Dennis Johnson is
Fired Up For Coaching

by Jay Coffin

WHEN NBA LEGEND Dennis Johnson accepted the head coaching position in August for the inaugural season of the Florida Flame, the newest member of the two-year-old National Basketball Developmental League, many believed it was a step in the wrong direction, a major league demotion of sorts.

Afterall, Johnson is a man who has accomplished more than he ever believed possible in the game—three NBA Championships (one with the Seattle SuperSonics, two with the Boston Celtics), NBA Finals MVP, All-NBA First Team, Five-time NBA All-Star are among his greatest accomplishments on the court.

It’s not as if Johnson has been a slouch off the court, he has plenty of NBA coaching experience. He was an assistant coach for the Boston Celtics (1991-94) and the Los Angeles Clippers (1999-2003) and served as interim head coach for the Clippers during the 2002-03 season. Last season, Johnson, 50, was an advance scout for the Portland Trail Blazers.

So the questions begs, why would a man who has accomplished so much resort to a job that most would consider a demotion? The answer is simple: Coaching is in Johnson’s blood, it’s what he loves to do most in this world.

For Johnson, the Florida Flame gig is all about sharpening his skills. He’s quick to point out that the NBDL is as much about developing players’ skills to prepare them for the NBA as it is about the wins and losses. Johnson, however, also knows that he is in the perfect atmosphere to improve his own coaching skills.

"Some people may think this is a step down but it’s a step into what I want to do," Johnson says matter-of-factly. "I want to run a team, put together a team, put together a training camp. That’s what I want to do. I’m trying to sharpen my skills as a head coach and hope people take notice."

In the meantime Johnson has plenty of work to keep him busy. The concept of the six team league (the Asheville Attitude, Columbus Riverdragons, Fayetteville Patriots, Huntsville Flight and the Roanoke Dazzle are the other five) is based around its developmental name. Therefore, an NBA team can select any player at any time throughout the 48-game season. To replace that player, the team from the NBDL can select someone from the designated pool of players. Each NBDL squad is allowed only 8 ‘moves’ per year so they must be used wisely. There is no trading between teams.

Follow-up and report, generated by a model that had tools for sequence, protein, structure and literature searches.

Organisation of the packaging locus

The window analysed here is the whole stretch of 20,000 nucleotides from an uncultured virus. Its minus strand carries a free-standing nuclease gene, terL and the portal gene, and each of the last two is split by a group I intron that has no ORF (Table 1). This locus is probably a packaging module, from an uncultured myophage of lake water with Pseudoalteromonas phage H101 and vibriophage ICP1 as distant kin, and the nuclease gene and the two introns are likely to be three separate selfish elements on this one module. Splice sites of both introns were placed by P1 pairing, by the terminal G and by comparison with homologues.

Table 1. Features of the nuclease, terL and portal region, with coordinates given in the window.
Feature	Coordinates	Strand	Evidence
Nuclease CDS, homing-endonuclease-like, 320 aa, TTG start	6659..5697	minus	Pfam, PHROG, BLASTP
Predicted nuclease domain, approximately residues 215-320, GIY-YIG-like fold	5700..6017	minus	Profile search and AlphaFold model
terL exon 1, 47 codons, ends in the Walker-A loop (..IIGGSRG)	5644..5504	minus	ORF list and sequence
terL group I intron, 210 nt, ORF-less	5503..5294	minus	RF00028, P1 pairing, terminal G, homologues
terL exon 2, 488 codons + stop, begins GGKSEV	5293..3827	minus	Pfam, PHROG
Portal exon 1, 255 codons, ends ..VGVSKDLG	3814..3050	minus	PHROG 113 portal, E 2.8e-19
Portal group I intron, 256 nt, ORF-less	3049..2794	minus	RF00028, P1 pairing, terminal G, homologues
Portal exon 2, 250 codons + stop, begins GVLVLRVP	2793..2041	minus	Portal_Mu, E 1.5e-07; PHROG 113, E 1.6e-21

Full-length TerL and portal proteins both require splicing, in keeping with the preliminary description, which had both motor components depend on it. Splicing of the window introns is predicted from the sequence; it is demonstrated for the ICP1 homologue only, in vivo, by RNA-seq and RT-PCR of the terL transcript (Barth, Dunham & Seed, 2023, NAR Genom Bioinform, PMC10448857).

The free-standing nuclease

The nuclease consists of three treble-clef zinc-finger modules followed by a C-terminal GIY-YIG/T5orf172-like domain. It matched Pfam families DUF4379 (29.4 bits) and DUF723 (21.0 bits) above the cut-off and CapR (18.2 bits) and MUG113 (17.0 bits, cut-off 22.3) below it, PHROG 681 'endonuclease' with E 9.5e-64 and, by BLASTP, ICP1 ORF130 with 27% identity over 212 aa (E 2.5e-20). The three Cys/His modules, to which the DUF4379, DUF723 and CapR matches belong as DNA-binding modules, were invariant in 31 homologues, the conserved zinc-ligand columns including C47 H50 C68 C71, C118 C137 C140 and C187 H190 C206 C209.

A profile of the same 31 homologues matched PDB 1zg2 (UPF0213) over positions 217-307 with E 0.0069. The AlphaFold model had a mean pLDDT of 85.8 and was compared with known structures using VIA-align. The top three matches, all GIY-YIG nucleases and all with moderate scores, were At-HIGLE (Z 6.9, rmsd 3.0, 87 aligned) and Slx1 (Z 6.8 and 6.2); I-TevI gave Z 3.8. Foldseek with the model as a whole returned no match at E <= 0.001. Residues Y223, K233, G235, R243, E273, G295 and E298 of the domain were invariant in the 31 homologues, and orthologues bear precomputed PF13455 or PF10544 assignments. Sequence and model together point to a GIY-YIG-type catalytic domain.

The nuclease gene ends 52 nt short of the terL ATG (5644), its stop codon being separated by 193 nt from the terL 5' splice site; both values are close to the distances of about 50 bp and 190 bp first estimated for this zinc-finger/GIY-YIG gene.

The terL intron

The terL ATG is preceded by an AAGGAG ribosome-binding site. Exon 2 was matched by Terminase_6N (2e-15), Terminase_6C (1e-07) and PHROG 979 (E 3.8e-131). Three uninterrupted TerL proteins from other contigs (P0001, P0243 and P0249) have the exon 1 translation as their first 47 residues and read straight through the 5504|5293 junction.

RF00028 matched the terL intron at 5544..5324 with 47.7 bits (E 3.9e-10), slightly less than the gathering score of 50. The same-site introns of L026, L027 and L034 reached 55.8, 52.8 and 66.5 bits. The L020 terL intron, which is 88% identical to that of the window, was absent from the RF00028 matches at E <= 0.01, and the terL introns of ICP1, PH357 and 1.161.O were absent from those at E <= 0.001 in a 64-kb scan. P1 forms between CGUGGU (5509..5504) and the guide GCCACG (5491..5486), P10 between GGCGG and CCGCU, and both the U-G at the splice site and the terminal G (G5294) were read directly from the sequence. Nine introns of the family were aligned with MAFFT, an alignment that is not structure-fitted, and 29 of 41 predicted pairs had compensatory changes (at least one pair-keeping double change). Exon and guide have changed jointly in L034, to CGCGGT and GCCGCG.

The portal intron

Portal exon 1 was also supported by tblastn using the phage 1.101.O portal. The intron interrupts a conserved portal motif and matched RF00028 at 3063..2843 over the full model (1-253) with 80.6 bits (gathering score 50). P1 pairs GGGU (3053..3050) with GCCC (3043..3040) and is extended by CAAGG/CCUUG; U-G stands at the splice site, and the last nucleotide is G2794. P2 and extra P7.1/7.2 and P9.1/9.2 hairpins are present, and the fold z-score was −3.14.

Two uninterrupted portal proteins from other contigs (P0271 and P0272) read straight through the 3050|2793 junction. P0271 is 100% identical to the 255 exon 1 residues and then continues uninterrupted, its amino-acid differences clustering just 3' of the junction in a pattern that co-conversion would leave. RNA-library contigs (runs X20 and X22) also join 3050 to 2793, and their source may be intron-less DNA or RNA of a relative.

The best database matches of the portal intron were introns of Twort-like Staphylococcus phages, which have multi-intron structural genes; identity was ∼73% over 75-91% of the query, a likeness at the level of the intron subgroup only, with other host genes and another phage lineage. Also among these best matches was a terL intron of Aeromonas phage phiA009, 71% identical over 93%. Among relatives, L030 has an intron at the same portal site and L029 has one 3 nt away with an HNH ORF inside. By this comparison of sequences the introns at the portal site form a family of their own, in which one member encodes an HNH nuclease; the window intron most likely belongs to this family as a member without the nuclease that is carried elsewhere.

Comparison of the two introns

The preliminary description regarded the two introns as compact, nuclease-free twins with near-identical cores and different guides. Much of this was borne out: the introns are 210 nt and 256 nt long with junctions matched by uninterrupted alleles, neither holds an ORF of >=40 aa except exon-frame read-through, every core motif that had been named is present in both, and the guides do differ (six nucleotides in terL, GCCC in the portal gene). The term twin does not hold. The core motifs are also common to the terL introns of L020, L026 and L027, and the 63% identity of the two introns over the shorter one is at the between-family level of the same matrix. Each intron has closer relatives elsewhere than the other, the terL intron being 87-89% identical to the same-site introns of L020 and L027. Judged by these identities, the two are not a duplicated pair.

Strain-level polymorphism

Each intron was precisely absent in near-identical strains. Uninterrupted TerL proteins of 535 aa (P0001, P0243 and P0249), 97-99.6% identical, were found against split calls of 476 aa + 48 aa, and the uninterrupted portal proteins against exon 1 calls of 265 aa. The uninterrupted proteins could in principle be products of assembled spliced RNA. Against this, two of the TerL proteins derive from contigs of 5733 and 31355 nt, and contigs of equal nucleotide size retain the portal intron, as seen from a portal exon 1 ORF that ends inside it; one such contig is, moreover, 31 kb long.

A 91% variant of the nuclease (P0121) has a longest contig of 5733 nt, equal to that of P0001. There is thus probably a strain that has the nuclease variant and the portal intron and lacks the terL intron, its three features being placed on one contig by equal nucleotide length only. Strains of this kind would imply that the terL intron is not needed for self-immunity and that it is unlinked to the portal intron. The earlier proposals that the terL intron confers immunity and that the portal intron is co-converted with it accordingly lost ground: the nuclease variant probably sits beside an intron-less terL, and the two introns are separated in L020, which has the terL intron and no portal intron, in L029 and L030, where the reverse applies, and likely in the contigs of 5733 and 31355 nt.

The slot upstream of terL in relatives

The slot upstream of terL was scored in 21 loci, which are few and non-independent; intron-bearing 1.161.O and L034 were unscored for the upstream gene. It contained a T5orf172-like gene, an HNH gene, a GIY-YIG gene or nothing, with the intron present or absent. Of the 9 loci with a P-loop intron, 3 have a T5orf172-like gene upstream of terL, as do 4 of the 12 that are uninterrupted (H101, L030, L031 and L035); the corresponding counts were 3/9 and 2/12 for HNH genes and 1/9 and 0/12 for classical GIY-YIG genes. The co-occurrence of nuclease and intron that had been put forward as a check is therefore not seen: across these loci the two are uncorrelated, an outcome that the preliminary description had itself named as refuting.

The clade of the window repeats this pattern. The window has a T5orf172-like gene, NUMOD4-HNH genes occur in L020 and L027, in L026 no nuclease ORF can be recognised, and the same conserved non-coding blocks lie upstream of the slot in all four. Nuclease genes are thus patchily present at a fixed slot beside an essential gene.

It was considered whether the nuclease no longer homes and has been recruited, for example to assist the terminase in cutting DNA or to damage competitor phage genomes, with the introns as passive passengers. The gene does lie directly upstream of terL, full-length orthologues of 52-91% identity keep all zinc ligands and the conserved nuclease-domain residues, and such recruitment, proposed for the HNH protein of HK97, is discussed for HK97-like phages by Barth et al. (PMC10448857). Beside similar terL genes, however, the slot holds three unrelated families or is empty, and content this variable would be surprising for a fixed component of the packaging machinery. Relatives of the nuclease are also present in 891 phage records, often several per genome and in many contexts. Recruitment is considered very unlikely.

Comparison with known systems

"There isn’t a league age but not many guys are older than 25 or 26," Johnson said. "These are guys who, at the beginning of their careers, needed a little work rebounding or playing defense. It’s good for them to come here and develop their skills first."

Sound familiar? Johnson grew up in Compton, California, and saw little playing time as a guard his senior year at Dominguez High School. However, virtually overnight, Johnson turned into a ferocious defender of the basketball and he excelled the next two years at Harbor Junior College, which led to a full scholarship at Pepperdine University. He played only one season for the Waves and averaged 15.7 points per game, left school early and was a second round draft pick of the Seattle SuperSonics in 1976.

After winning an NBA Championship in 1979 for Seattle, Johnson was traded to the Phoenix Suns a year later where he was selected to the All-NBA First Team with Julius Erving, Larry Bird, Kareem Abdul-Jabbar and George Gervin. In 1982, Johnson and Bird became teammates when Johnson was traded to the Boston Celtics. That legendary team, along with Robert Parish, Kevin McHale and Danny Ainge, won NBA titles in 1984 and 1986.

To this day, Johnson keeps in touch with his closest four teammates and still says "Larry Bird is hands down the best player I’ve ever played with."

Why wouldn’t he be? Bird and Johnson will forever be linked in Celtics lore because of one of the greatest moments in NBA playoff history. In the 1987 Conference Finals against Detroit, the Pistons had a one-point lead and possession of the ball with five seconds remaining in Game 5 at Boston Garden. Bird stole an inbound pass from Isaiah Thomas and fed Johnson the layup to put the finishing touches on a shocking victory. Detroit won Game 6, but the Celtics prevailed in Game 7 to advance to the NBA Championship where they would eventually lose to the Los Angeles Lakers.

"I’m known more for that play than for anything else I’ve ever done," Johnson said. "It’s a routine play. It just happened to be a big play at a big time."

Shocking that the play is his crowning achievement considering that when Johnson retired following the 1989-90 season he was only the 11th player in NBA history to record more than 15,000 points and 5,000 assists.

That was then and this is now. Johnson is not one to live in the past. The glory days are behind him but he can’t help but chuckle at how his life has come full circle. Now Johnson is trying to get back to the NBA.
"Everybody’s goal is to get to the NBA," Johnson said. "I think about it like everybody else, but I’m not in a rush to do it. Will I ever get a shot at coaching in the NBA? I may, I may not. If not, I’ll do what I do here and develop the players. For me there is still satisfaction. I’ve been to the top in everything I’ve ever done, if I get back there it’ll be fine. If not, that’ll be fine also."

With that kind of positive attitude it sounds as if Johnson is still on top of his game. •

Jay Coffin is a freelance writer based in Orlando. He was born and raised in Fort Myers and lived there for 20 years before moving to Orlando to pursue a career in journalism.

from the January-February 2005 issue

"I want to run a team,
put together a team,
put together a training camp.
That’s what I want to do.
I’m trying to sharpen my skills
as a head coach and
hope people take notice."